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Original Issue

Greener Pastures

After years of trial and sorrow, world traveler Donte' Greene finds himself in a Melo place

BASKETBALL'S HIS game, but before moving to Maryland in 2001, Donte' Greene bounced around the world like a knock-hockey puck. Born on an Air Force base in Germany (his mother, April, worked for the National Security Agency), the Towson Catholic senior has lived in Japan, Guam, Thailand, South Korea, Hawaii and Pennsylvania. He speaks some German and Japanese, yet his English can sound as if he's been channeling Don King: "Mr. Boeheim and I enjoy conversating and whatnot." Mr. Boeheim, of course, is Syracuse coach Jim Boeheim, who will showcase the 6'10", 220-pound forward's dazzling perimeter game next season. For now Greene is averaging 22.7 points, 12 rebounds, 4 assists and 2.5 blocks for the 15--3 Owls.

Greene picked up hoops fundamentals from his mother, a former semipro player in England. She was his first coach and once let him draw up the final play of one of younger brother D'Metrique's games. "I freed him up in the corner, and he hit the winning shot," Greene says. "It's the high point of my life."

The low point was when April died of an enlarged heart. Donte' was 13 years old. "I found her in bed and called 911," he recalls. "I was depressed for two years." He and D'Metrique moved from Hanover, Pa., to live with their father, Donald, in inner-city Baltimore. (Their parents divorced when Donte' was six.) That's when the fast-growing Greene began to focus more on basketball and less on baseball, his favorite sport while growing up in Japan. "The basketball transiteration was tough," he says. "I was 6'4" but Ethiopian-marathon-runner skinny, and players in Baltimore were very physical."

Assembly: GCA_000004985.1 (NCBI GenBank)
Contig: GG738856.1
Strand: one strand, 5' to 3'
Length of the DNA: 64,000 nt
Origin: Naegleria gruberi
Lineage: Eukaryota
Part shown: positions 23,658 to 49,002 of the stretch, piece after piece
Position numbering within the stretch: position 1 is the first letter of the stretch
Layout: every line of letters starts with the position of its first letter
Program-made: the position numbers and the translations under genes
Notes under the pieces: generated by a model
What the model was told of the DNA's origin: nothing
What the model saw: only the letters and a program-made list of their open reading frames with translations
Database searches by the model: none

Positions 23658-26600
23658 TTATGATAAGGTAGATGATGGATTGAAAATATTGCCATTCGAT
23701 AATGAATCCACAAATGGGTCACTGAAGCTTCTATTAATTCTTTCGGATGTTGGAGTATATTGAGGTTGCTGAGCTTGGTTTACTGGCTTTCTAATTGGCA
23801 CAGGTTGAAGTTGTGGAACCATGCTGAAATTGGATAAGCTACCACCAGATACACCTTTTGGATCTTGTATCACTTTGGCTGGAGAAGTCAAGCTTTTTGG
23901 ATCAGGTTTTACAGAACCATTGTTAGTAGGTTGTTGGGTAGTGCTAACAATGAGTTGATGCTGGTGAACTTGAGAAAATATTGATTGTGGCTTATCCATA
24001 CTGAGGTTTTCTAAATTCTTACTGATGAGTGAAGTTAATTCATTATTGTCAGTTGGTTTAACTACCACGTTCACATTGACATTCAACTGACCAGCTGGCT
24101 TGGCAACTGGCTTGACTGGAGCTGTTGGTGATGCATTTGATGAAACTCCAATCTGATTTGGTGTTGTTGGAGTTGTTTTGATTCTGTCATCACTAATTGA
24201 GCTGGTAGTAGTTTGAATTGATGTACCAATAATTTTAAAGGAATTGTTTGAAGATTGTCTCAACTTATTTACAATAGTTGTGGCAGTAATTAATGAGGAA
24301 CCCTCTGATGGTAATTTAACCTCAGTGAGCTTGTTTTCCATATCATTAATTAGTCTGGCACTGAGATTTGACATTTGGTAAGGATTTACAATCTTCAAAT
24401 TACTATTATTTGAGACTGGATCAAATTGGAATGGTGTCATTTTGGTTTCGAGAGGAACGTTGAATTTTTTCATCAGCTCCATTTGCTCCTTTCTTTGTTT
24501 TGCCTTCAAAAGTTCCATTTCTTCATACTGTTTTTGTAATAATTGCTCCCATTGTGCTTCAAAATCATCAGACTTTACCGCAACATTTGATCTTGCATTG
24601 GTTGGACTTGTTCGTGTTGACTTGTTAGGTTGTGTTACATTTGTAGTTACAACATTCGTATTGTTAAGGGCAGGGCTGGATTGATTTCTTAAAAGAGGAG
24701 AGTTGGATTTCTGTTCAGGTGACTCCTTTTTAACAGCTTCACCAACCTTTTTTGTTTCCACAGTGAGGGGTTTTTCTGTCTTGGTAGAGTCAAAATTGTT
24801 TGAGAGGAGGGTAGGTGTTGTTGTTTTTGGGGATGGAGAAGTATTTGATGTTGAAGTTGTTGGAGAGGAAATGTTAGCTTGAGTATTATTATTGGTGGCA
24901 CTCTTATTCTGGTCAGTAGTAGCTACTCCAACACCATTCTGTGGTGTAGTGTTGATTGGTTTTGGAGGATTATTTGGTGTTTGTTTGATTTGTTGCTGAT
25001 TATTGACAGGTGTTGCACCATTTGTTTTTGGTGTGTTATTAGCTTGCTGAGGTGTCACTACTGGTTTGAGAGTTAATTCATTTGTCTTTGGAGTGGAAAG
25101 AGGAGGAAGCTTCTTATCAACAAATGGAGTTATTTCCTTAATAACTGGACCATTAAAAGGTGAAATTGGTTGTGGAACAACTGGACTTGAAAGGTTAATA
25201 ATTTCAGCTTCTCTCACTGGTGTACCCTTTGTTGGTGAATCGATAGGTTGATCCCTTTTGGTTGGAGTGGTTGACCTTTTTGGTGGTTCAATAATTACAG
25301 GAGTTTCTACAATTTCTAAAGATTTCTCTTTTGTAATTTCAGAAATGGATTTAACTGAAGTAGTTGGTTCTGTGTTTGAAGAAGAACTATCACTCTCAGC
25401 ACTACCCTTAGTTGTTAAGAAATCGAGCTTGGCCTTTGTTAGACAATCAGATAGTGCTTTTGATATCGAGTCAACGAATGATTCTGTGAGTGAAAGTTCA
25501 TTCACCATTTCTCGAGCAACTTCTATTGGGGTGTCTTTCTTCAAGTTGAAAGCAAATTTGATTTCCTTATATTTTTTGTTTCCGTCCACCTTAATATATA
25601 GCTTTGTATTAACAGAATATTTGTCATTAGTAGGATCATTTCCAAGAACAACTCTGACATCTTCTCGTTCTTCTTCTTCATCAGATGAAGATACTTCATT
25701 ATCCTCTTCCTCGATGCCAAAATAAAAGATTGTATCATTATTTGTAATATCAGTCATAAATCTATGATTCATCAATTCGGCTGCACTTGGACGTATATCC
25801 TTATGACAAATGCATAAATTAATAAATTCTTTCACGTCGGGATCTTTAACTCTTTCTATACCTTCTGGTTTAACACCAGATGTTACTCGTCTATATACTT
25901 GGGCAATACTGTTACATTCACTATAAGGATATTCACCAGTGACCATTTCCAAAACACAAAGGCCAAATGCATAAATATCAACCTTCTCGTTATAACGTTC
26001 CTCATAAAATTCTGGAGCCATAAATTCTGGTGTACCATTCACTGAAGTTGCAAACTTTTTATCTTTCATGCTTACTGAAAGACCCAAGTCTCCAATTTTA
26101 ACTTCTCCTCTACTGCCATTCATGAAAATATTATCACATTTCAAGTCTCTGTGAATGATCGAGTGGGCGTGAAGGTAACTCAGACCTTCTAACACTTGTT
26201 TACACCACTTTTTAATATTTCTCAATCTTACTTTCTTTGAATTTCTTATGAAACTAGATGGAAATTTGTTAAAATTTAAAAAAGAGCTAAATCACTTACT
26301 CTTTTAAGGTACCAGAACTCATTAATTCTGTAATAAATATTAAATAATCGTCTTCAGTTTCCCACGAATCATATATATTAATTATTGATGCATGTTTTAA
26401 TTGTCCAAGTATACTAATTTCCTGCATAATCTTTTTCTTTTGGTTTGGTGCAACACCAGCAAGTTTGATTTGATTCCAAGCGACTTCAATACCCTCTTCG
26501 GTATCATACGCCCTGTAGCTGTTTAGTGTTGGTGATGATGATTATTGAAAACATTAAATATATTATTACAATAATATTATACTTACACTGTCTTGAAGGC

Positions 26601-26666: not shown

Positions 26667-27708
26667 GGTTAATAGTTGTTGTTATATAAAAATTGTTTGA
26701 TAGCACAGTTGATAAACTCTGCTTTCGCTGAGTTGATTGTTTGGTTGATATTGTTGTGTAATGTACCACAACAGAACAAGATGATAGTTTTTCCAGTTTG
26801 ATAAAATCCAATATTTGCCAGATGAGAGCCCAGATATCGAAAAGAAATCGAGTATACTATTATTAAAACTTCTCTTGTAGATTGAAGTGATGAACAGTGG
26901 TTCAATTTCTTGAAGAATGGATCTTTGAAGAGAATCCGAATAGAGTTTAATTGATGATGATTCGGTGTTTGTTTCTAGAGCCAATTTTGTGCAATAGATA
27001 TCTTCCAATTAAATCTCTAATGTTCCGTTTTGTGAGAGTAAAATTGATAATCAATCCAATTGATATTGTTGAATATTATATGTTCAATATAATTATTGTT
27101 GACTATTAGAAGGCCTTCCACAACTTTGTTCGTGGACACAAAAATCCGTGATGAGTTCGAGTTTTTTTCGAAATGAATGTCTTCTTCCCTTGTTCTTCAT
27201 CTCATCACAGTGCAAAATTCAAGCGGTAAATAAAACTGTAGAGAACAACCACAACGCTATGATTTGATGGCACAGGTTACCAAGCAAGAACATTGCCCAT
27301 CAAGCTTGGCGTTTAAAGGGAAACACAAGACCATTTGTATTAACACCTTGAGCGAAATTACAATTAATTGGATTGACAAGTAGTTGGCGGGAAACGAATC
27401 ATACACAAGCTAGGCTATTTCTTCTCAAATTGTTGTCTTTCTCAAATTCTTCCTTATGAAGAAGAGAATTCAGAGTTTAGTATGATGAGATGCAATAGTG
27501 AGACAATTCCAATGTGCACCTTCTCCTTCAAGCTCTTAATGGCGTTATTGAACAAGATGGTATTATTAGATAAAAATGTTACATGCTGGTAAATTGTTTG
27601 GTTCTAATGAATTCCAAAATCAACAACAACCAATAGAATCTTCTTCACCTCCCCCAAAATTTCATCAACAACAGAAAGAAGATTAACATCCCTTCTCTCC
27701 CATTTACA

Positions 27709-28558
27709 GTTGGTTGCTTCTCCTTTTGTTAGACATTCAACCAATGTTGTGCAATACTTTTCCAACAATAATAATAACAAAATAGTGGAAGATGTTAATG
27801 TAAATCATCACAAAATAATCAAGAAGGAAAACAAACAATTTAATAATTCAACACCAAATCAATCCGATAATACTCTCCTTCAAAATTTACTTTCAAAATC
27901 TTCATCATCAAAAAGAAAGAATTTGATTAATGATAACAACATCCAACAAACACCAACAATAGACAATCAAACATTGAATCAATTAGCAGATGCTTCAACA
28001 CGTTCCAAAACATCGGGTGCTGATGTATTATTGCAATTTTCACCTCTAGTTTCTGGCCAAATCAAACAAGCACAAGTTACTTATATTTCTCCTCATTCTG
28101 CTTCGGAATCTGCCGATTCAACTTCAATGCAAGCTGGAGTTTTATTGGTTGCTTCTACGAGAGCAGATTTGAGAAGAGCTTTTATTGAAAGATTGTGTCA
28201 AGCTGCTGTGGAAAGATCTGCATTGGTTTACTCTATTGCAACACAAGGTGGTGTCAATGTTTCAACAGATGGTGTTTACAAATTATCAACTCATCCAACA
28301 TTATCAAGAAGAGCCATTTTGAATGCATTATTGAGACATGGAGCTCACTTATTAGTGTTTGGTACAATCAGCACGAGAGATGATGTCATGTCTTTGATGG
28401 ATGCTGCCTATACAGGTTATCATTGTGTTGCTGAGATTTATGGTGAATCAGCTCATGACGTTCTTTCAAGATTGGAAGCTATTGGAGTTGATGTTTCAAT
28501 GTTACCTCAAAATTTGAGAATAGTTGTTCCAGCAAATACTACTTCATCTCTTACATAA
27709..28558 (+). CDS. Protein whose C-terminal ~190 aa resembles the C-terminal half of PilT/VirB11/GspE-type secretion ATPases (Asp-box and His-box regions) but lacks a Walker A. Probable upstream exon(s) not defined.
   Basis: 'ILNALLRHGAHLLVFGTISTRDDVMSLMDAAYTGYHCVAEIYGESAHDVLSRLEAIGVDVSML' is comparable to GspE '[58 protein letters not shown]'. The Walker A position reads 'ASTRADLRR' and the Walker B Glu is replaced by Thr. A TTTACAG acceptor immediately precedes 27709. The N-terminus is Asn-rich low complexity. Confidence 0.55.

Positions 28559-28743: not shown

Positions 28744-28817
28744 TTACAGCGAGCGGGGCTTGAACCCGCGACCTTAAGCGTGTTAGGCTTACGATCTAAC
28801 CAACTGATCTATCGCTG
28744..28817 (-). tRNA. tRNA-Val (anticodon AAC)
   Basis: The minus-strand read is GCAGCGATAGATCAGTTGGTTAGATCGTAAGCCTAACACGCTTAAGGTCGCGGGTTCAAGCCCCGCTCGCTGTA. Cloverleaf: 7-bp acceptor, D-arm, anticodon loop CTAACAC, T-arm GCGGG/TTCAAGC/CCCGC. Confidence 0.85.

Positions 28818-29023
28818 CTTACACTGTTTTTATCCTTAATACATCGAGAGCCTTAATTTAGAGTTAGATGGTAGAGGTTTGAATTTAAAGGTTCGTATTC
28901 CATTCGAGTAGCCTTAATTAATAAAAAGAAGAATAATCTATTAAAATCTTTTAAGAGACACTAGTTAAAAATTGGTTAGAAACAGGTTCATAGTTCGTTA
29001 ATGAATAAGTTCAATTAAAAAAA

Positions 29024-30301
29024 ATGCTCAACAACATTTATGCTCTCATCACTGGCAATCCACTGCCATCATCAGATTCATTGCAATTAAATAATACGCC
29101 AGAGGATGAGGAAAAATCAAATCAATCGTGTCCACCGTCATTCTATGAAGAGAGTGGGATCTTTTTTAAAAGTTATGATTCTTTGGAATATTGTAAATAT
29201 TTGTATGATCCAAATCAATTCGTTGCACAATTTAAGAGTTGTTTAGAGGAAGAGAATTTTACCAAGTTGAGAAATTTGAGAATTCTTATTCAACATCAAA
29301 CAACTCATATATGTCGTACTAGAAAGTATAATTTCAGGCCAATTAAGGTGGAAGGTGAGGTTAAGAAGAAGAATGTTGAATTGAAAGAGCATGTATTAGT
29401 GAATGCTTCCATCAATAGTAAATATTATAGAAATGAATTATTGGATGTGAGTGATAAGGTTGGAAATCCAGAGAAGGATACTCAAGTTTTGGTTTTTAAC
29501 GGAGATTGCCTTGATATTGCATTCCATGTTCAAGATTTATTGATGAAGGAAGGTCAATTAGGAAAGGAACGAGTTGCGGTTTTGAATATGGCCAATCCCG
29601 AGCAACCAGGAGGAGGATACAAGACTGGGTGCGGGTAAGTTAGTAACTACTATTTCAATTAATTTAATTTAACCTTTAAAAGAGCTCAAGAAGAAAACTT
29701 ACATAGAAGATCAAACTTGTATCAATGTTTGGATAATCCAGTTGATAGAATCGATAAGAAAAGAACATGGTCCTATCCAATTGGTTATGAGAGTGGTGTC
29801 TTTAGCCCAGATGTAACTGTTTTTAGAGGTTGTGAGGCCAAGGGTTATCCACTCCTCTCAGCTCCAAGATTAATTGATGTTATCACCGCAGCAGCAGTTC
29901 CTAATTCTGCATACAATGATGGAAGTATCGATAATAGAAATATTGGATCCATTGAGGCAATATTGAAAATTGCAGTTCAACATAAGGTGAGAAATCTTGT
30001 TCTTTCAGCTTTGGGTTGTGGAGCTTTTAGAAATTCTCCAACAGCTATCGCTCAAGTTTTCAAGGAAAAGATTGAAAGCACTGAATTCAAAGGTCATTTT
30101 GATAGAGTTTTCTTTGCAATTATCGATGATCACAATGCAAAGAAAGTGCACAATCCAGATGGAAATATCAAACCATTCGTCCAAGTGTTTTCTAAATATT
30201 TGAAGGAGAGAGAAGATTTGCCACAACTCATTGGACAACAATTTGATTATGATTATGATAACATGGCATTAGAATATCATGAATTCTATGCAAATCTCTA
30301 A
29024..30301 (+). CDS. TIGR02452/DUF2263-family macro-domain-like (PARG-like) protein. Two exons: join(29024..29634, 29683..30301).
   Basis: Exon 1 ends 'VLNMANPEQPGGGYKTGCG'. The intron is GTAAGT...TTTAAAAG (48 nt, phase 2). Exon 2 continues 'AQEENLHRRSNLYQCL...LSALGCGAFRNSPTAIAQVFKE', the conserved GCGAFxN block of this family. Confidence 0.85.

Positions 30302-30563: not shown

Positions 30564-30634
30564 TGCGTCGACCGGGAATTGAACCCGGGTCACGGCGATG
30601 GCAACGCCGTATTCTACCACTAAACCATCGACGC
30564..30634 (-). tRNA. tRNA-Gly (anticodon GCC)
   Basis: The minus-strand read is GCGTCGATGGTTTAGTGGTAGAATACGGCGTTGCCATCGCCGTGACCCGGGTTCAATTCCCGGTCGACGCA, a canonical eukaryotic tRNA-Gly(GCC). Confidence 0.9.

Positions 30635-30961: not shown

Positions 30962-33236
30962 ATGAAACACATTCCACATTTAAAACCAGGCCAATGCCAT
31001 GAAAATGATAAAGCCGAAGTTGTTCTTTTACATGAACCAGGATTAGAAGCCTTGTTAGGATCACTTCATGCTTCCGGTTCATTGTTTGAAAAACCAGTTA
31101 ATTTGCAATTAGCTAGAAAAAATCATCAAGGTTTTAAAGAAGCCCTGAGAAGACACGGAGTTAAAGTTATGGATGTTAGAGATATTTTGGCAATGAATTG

The only private school that recruited Greene was Towson Catholic, which another late-bloomer, Carmelo Anthony, had attended for three years. Greene became a starter midway through his freshman season. During the summers he has played on Team Melo, the Anthony-sponsored team that won the AAU under-16 national championship two years ago—with Greene making the all-tournament team. By his junior year he was such a hot college prospect that he changed his text-messaging plan to unlimited. Now he is following Anthony's trail to Syracuse. "Melo and I are friends," reports Greene, "but during the NBA season we don't conversate much."

Towson, Md.


DONTE' GREENE was featured at Sunday's Future Stars Invitational, part of the four-day Hoophall Classic in Springfield, Mass. Greene had 23 points and 13 rebounds, but Towson Catholic lost to St. Benedict's (Newark) 79--76. Other notable performances:

• Antonio (Scoop) Jardine (SI, Jan. 8), bound for Syracuse, scored 36 points to lead Neumann-Goretti (Philadelphia) to an 81--71 overtime win against DeMatha Catholic (Hyattsville, Md.). Austin Freeman, who has committed to Georgetown, scored 25 points for DeMatha.

• Deonte Roberts, headed to Wisconsin-Milwaukee, powered in an offensive rebound at the final horn to give Notre Dame (Fitchburg, Mass.) a 72--71 win over the Patterson School (Lenoir, N.C.).

• Chris Wright (left) of St. John's College High (Washington, D.C.) led all players in Sunday's six-game lineup, scoring 39 points in an 85--81 win over St. Andrew's (Barrington, R.I.). Wright will attend Georgetown.



GLOBE-TROTTER Greene, who played baseball in Japan, averages 22.7 points and 12 rebounds.